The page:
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You are here:   OldClasses > 2012 > Botryllus leachi | Valerie Chia




Botryllus leachi (Savigny, 1816)
Leach's Sea Daisy 
Valerie Chia (2012)



Fact Sheet



Physical Description


Life History & Behaviour

Anatomy & Physiology

Evolution & Systematics

Biogeographic Distribution

Conservation & Threats

References & Links

Anatomy & Physiology

Figure 11: Illustration of a cross section diagram of Botryllus spp. Adapted from Ruppert et al 2004. Invertebrate zoology: a functional and evolutionary approach. 

The zooids of B. leachi are embedded in a tunic that attaches it to the substratum (Figure 11) (Ruppert et al., 2004). The tunic is made up of proteins and a carbohydrate called tunicin that is unique to the phylum Urochordata (Tunicata) (Carver et al., 2006, Pechenik, 2010, Ruppert et al., 2004). Within the tunic lies the circulatory system, a network of vessels that connects the zooids in the colony (Manni et al., 2007, Ruppert et al., 2004). At the bottom of the tunic is the epidermis and beneath that are the basal lamina, a layer of connective tissue that holds the muscles (outer circular and inner longitudinal), nerves, blood vessels and amoeboid cells (Pechenik, 2010, Ruppert et al., 2004). 


Figure 12: Zooids of B. leachi with individual buccal siphons and a common cloacal (atrial) siphon. 

The siphons are the opening of B. leachi to the external environment. Squirting occurs with the contraction of the longitudinal muscles that compresses the zooid, forcing jets of water out through the atrial siphon (Pechenik, 2010, Ruppert et al., 2004). In B. leachi, the smaller siphon is the buccal siphon that opens into the pharynx (Ruppert et al., 2004), usually only 1-2 mm wide in diameter (Figure 11 and 12). The buccal siphon ends with a ring of buccal tentacles that makes the beginning of the pharynx (Pechenik, 2010, Ruppert et al., 2004). The larger openings in B. leachi colonies are common cloacal (atrial) siphons (Kott, 2005) (Figure 11 and 12). Waste material and larvae are released into the water column through these cloacal siphons that are shared between multiple zooids from a colony (Kott, 2005, Pechenik, 2010, Ruppert et al., 2004).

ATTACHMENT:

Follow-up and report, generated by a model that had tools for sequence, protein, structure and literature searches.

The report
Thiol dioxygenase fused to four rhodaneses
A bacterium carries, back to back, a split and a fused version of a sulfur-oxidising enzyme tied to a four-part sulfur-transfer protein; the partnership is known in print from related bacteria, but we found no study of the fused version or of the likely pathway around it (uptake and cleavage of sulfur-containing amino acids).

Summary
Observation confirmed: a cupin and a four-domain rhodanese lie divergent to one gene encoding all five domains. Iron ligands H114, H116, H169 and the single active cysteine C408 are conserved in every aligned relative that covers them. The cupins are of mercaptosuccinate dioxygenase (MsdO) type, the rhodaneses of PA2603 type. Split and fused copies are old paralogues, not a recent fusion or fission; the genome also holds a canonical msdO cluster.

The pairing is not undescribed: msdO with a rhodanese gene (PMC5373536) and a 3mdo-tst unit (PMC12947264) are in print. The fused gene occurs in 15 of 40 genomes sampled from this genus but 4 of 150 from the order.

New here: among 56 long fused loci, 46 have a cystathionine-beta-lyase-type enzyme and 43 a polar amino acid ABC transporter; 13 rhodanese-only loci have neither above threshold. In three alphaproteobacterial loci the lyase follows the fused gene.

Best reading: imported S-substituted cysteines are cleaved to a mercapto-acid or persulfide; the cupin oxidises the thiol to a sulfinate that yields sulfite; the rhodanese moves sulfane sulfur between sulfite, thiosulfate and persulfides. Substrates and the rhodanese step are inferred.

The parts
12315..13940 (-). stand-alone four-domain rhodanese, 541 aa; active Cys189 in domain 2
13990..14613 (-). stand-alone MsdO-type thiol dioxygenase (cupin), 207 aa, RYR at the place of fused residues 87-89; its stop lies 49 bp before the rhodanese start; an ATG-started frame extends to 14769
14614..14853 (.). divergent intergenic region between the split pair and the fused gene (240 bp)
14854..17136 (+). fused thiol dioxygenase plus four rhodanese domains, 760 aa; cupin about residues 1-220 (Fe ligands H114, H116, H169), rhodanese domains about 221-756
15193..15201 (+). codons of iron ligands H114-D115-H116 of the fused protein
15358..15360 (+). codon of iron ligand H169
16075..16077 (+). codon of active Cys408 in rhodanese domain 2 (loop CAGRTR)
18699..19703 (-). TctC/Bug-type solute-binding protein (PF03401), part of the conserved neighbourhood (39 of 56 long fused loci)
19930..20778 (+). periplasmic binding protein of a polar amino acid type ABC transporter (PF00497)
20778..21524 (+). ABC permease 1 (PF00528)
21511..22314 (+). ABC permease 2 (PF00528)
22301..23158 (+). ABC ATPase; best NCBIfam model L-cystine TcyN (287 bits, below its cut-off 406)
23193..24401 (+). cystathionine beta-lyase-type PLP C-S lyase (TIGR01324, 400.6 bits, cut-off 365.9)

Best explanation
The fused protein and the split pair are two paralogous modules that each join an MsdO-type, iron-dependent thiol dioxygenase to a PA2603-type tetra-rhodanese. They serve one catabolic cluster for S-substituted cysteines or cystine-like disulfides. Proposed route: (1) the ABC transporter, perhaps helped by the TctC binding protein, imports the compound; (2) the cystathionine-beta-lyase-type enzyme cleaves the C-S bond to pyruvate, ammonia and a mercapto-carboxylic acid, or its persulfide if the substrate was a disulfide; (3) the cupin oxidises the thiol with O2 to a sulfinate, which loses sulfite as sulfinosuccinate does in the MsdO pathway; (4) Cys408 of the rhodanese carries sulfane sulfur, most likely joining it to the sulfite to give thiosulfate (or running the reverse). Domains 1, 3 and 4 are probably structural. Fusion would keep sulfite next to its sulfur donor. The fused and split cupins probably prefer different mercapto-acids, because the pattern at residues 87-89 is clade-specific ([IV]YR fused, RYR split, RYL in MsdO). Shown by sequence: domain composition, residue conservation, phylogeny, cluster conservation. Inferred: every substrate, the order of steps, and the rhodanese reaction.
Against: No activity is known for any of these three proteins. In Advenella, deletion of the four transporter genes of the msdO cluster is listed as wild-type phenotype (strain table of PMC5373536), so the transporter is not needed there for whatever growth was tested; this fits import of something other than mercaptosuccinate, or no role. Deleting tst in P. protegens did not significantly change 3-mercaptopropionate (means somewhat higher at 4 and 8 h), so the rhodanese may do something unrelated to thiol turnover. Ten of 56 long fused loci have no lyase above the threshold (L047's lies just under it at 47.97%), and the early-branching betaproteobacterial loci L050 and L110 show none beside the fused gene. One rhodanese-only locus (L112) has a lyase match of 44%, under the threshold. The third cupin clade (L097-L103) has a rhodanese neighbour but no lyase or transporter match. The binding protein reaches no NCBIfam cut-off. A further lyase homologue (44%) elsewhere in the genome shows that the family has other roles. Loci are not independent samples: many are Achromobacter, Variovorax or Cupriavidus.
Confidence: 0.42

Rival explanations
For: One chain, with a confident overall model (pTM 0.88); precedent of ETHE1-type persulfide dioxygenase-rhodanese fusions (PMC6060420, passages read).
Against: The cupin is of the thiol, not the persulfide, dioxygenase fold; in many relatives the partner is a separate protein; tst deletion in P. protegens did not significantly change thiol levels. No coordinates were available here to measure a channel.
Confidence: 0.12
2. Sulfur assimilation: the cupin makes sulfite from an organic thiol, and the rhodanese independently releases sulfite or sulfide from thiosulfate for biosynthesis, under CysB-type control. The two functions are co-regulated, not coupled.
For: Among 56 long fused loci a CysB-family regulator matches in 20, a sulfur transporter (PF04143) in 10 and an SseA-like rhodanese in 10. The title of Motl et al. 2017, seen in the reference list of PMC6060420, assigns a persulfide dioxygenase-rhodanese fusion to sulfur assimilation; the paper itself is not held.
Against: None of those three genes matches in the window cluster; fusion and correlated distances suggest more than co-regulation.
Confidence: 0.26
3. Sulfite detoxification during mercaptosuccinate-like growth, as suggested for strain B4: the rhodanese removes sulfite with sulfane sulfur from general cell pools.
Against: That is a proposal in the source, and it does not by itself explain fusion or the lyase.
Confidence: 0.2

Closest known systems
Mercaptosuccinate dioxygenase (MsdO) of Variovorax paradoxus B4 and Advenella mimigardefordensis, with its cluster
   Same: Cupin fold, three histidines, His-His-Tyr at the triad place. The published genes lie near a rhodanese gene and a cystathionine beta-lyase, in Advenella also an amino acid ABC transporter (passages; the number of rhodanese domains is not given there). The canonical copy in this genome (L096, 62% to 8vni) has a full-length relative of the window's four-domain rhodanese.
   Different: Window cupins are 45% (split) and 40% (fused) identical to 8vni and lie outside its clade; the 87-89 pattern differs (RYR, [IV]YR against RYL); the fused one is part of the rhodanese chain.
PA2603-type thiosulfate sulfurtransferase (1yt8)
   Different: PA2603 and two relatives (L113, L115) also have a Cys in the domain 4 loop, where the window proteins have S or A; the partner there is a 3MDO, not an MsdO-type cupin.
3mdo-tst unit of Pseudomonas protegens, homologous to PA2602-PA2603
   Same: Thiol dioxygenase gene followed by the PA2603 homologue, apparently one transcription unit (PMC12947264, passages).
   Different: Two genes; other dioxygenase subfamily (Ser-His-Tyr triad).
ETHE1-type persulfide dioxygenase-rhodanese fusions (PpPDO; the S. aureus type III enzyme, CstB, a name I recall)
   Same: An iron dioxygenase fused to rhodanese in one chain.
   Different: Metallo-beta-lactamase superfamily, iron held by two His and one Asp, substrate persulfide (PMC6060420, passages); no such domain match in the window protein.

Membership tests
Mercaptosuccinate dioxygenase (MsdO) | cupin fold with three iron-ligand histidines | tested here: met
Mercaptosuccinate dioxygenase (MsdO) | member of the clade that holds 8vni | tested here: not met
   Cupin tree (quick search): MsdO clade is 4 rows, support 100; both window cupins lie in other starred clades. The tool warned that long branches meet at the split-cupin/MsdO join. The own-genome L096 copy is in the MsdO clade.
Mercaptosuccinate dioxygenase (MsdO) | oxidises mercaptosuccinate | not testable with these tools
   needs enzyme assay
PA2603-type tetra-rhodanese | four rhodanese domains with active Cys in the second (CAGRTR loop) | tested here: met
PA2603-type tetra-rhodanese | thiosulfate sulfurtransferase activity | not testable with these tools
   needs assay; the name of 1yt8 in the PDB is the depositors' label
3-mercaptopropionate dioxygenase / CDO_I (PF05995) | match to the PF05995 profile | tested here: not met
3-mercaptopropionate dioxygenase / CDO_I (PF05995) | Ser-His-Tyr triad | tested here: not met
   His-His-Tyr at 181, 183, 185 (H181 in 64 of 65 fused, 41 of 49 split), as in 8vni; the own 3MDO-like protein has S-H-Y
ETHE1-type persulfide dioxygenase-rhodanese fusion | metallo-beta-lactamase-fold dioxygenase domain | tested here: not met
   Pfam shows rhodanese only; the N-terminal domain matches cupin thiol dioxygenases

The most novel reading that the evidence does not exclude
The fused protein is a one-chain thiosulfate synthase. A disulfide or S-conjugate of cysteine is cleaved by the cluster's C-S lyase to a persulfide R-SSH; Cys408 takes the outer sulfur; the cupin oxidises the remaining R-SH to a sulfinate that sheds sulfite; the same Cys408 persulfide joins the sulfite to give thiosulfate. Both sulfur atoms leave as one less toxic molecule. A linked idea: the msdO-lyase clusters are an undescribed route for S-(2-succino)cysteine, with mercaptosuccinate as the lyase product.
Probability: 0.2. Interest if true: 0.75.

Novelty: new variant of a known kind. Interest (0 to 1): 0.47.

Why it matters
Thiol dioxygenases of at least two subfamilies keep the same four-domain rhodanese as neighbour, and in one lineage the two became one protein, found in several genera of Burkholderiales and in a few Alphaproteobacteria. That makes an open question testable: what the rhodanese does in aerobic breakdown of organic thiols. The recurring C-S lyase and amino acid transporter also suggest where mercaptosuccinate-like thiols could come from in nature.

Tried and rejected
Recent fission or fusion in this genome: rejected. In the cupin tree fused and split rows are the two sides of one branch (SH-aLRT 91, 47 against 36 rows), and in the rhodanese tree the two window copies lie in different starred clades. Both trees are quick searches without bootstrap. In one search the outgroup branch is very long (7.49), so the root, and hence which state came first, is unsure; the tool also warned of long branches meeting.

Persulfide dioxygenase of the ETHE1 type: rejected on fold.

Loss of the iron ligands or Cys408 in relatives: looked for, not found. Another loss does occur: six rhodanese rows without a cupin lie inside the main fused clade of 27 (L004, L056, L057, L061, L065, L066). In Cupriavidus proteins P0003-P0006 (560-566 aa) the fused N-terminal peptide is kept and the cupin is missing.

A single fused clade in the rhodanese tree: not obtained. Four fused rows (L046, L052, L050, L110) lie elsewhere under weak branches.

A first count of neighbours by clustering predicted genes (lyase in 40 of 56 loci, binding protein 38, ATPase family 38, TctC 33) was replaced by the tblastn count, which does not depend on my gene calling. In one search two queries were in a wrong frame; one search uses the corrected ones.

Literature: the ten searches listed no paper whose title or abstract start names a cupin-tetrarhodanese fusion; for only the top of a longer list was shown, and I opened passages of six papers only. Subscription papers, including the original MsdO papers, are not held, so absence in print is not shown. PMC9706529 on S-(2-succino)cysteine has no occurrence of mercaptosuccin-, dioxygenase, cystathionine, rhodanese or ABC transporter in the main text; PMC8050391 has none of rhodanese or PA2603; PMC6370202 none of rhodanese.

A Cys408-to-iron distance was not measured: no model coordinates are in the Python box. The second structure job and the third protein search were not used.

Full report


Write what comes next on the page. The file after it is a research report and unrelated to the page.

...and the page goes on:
The pharynx of B. leachi is called the pharyngeal (branchial) basket (Pechenik, 2010). It is covered with small ciliated gill slits called stigmata (Pechenik, 2010, Ruppert et al., 2004). The cilia create a current that bring food and oxygenated water into the siphon for B. leachi. The buccal tentacles, sieve out large particles from the inflowing water before the waster passes through the pharyngeal band that encircle the opening of the pharyngeal basket (Pechenik, 2010, Ruppert et al., 2004). Opposite the pharyngeal band, at the ventral end of the pharyngeal basket is the endostyle (Pechenik, 2010). The endostyle, is homologous to thyroid gland and secretes iodine that regulated metabolism, and produces a net like mucus that traps food particles (Pechenik, 2010, Ruppert et al., 2004). 

Digestive tract

Figure 13: Illustration of the digestive tract of B. leachi

B. leachi has a U shaped digestive tract (Ruppert et al., 2004). Figure 13 depicts the different regions of B. leachi 's digestive tract. 


B. leachi is part of the phylum Urochordata and therefore, it does not have any excretory organs (Ruppert et al., 2004). Ammonia waste is excreted through the body wall by diffusion while uric acid and urates are thought to be stored in various tissues or specialized structures until it is released at the death of the zooid (Ruppert et al., 2004). This process is called storage excretion. 

Nervous system 

The notochord and the hollow dorsal nerve cord are lost during metamorphosis (Ruppert et al., 2004, Tiozzo et al., 2008) therefore, the colonial matured form of B. leachi does not have a central nervous system. The cerebral ganglion, is the brain of B. leachi (Ruppert et al., 2004). As a colonial ascidian, impulses are transmitted through the tunic vessels to coordinate siphon activity (Ruppert et al., 2004). Matured ascidians lack sensory organs except for the sensory cells on its internal and external surfaces and the buccal tentacles (Ruppert et al., 2004). The larva of B. leachi is sensitive to light as it is negatively phototrophic to help it find a suitable place to settle on (Kott, 2005). 

Specific traits

B. leachi has paired gonads on each side of its body wall for being from the order Pleurogona (Ruppert et al., 2004, Satoh, 1994). It is also from the suborder Stolidobranchiata, which means robed gills thus B. leachi also has a folded pharyngeal basket containing longitudinal muscles (Ruppert et al., 2004, Satoh, 1994).